Saturday, November 23, 2002

Researcher denies fish poaching

The Associated Press

OWENSBORO, Ky. - A prominent researcher who is accused of illegally trafficking in paddlefish - the source of much domestic caviar - pleaded innocent of the charge and was scheduled for trial in January.

Steven Mims was released on his own recognizance after a hearing Thursday in Owensboro. Trial was set for Jan. 30 in Owensboro.

Mr. Mims is charged with violating the Lacey Act for shipping paddlefish eggs that were caught in violation of Kentucky law and transporting them in interstate commerce. According to the indictment, Mr.Mims shipped the caviar to New York.

Mr. Mims, who has a doctoral degree in aquaculture, has written extensively on paddlefish. He is a member of the faculty at Kentucky State University's aquaculture program, which includes more than a decade of research into trying to raise paddlefish commercially.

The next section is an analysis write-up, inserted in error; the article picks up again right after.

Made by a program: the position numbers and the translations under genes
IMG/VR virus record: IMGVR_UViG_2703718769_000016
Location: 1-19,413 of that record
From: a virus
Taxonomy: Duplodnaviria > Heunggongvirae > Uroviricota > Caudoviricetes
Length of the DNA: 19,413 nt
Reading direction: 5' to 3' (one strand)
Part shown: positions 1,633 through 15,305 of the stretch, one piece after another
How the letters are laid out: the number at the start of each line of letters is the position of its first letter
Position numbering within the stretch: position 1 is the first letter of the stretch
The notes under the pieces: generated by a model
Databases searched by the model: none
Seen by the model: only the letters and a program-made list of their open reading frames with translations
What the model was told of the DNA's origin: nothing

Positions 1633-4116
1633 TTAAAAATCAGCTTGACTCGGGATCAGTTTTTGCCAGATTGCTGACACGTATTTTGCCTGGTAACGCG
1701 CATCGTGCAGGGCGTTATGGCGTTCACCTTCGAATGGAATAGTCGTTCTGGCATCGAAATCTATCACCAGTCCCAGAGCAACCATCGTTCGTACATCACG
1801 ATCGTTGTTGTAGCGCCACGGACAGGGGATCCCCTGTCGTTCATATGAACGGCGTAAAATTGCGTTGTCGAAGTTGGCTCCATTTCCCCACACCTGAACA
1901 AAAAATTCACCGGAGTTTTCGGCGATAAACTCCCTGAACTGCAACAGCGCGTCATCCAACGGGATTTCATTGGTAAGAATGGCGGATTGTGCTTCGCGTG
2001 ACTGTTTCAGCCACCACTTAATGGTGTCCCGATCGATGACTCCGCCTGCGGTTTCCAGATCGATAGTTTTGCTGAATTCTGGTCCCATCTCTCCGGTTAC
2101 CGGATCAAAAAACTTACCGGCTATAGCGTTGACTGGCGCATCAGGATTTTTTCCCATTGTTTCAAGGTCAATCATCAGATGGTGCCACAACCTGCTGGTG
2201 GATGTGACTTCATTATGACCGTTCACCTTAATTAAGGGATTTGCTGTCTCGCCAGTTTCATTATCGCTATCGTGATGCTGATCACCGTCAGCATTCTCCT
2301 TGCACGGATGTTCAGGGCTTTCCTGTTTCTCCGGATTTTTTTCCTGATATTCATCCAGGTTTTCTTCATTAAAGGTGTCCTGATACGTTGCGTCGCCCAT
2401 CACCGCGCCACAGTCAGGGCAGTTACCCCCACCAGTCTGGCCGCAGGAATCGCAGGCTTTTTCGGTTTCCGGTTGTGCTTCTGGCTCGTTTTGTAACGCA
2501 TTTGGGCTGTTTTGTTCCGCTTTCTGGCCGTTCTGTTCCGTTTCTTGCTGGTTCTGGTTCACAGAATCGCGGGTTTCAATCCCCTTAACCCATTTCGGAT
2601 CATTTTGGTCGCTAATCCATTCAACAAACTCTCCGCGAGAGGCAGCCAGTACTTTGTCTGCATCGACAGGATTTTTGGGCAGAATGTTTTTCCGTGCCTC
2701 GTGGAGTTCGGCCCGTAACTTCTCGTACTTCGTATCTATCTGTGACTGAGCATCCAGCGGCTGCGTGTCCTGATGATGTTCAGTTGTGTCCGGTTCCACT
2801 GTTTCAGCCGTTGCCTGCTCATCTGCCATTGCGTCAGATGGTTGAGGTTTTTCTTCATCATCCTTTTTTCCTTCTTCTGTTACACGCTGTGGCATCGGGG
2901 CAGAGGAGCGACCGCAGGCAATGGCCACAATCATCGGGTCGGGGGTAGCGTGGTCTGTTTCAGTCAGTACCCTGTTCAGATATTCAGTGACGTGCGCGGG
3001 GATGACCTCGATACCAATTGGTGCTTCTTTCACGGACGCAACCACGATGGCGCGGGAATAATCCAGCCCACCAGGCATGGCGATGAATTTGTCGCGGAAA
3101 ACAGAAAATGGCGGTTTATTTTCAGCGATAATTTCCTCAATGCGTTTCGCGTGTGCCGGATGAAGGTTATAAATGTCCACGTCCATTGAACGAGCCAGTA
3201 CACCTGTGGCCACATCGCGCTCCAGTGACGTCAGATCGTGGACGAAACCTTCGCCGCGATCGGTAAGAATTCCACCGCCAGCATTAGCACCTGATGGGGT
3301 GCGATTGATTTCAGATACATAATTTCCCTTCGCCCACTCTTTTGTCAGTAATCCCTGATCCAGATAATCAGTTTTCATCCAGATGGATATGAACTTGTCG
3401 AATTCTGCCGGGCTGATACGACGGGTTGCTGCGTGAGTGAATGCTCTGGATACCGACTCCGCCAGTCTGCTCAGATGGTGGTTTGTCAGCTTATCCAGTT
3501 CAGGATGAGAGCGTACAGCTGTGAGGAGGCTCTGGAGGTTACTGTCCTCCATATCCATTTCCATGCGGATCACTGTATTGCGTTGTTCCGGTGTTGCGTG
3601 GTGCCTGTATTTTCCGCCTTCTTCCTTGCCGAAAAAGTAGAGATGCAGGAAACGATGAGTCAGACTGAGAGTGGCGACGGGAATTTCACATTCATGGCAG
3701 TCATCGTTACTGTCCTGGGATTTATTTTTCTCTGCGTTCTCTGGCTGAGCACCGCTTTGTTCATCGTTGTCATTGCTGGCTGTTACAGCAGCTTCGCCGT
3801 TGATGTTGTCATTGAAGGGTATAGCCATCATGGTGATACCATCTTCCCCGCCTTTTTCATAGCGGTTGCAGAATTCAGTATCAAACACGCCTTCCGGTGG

According to the indictment, between Sept. 1, 2001 and May 2002, paddlefish were being scooped up with gill nets. There is no federal law against that, only a state regulation that prohibits fishing in the area roughly from the lock openings upstream to the dam.

But it is a federal violation when fish that are improperly caught under state rules are then shipped across state lines. Under the Lacey Act, such a shipment can bring 10 years in prison and a fine of up to $500,000.

Mr. Mims' attorney, Kevin McNally, said the charge stems from a financial disagreement between Mr. Mims and the man who was helping him catch the paddlefish.

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